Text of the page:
• United States: 4th warmest October on record with an average temperature of 57.4°F or 3.3° above the 20th century average. Rainfall was also above average for the contiguous United States with a series of storms, including the remnants of Hurricane Patricia, brought record rain and flooding to the Southern Plains and Lower Mississippi Valley.

 

Sea Surface Temperature Anomalies Dataset

Dataset: 20151121 EarthNow: October 2015 SST Anomaly

Dataset: 20151121 EarthNow: AUDIO October 2015 SST Anomaly

 

 

  • The real-time sea surface temperature anomaly dataset is a great way to visualize the El Niño – Southern Oscillation (ENSO) in the eastern Pacific Ocean.
  • The global sea surface temperature for October 2015 was 1.53°F or 0.85°C, above the 20th century average. This resulted in the highest departure on record for the month of October.
  • According to NOAA’s Climate Prediction Center, current strong El Niño conditions are expected to peak during the Northern Hemisphere winter before weakening during spring 2016.
  • Remember blues indicate cooler than average temperatures and reds indicate warmer than average temperatures (white: average).

Snow and Ice Cover Dataset

Dataset: 20151121 EarthNow: October 2015 Snow and Ice Cover

Dataset: 20151121 EarthNow: AUDIO October 2015 Snow and Ice Cover

 

 

  • Aside from helping to illustrate seasonal changes, the real-time Snow and Ice Cover dataset is a great way to convey sea ice change through time, including discussing how the current sea ice extent compares to other noteworthy years.
  • The Arctic sea ice extent for August 2015 was 13.4% below the 1981-2010 average, making it the 6th smallest October sea ice extent since satellite records began in 1979.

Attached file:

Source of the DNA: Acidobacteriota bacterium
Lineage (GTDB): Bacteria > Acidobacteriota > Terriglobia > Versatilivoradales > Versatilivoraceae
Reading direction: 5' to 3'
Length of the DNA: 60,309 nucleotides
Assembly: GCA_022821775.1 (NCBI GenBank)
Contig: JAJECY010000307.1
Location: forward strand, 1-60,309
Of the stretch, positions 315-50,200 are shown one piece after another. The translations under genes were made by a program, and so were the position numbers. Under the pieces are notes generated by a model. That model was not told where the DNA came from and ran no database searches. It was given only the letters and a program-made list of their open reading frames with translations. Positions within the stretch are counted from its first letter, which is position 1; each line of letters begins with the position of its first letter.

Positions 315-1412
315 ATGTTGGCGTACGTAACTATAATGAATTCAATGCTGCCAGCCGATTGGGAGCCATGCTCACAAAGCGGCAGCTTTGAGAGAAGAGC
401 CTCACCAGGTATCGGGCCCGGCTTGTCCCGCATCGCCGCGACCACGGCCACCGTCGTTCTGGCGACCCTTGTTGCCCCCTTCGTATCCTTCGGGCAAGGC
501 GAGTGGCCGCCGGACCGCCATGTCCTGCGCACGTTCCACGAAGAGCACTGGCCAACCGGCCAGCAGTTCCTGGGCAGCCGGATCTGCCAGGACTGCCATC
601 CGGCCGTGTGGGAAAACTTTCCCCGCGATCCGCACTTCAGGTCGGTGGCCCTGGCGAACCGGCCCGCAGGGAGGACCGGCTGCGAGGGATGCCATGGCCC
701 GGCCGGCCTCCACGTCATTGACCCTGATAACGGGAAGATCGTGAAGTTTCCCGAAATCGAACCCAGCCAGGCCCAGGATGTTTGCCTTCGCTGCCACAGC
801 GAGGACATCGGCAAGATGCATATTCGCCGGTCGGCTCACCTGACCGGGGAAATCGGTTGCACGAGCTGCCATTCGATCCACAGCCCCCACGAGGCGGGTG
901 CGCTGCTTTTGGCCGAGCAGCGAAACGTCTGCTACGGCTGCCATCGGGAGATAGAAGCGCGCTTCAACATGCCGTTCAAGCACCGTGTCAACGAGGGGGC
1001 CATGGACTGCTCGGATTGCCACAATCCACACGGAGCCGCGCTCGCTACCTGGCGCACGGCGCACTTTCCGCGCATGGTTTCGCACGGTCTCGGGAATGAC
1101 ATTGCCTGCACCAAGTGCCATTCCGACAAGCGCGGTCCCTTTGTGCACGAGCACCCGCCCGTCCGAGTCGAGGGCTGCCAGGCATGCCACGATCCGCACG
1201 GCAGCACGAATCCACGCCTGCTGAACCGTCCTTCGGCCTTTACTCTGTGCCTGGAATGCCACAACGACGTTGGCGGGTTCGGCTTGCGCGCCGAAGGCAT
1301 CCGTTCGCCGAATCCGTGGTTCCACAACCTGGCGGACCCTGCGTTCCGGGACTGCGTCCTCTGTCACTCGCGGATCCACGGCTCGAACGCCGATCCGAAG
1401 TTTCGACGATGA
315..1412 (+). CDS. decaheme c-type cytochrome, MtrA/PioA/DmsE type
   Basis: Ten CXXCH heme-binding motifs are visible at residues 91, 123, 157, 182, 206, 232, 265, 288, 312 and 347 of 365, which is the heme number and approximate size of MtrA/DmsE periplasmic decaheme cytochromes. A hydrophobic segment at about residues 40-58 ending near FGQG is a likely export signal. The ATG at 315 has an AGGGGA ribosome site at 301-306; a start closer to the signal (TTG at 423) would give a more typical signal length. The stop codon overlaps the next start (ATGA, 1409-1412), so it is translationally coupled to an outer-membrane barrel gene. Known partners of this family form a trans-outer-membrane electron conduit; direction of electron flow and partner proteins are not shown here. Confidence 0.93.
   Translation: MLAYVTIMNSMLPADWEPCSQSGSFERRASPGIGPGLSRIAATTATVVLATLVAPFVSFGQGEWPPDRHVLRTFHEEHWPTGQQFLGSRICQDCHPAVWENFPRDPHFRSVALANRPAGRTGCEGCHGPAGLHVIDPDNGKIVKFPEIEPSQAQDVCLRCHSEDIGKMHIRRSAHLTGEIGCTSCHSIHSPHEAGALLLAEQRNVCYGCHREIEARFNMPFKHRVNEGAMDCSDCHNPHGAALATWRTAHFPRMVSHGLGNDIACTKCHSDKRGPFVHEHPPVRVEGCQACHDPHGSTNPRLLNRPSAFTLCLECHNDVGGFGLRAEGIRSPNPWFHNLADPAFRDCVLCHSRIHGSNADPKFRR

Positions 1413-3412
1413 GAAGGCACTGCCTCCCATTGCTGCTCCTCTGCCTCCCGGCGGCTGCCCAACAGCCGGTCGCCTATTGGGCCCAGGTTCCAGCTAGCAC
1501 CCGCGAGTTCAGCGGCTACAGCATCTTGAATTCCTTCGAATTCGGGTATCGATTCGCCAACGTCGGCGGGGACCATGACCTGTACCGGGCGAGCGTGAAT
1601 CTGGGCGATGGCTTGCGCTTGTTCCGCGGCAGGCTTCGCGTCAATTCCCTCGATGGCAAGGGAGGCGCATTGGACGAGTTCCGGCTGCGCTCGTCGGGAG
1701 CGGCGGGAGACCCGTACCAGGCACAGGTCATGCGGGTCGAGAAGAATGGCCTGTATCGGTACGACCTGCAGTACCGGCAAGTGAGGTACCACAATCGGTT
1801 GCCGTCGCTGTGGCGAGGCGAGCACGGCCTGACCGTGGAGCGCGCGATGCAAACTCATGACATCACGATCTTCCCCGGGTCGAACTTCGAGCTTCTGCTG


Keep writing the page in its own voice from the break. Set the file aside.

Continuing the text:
• In Antarctica, the sea ice extent was 1.2% above the 1981-2010 average, the 14th largest on record for the month of September.

 

 

Seasonal Outlooks

Be sure to check out the 3-month seasonal outlooks for November-January.

  • Global Temperature Outlook
  • Global Precipitation Outlook
  • U.S. Drought Outlook
Where do I find the datasets?
      • First, check your SOS system to make sure it’s not already in the EarthNow category.
      • In addition to the normal files, there is now a “digest” section. This section in the file structure has all of the normal files compiled into one video.
      • If not, you can download the datasets and playlist files from this FTP Site.
      • Then download and use playlist files at the top of the page (or create your own) and make sure they are in /home/sos/sosrc or /home/sosdemo/sosrc.
      • More detailed information here
Helpful Resources for More Information
Credits:
EarthNow Team
NOAA
References:
NOAA National Climatic Data Center, State of the Climate: Global Analysis for October 2015, published online November 2015, retrieved on November 21, 2015 from http://www.ncdc.noaa.gov/sotc/global/.

 

Category: Climate Digest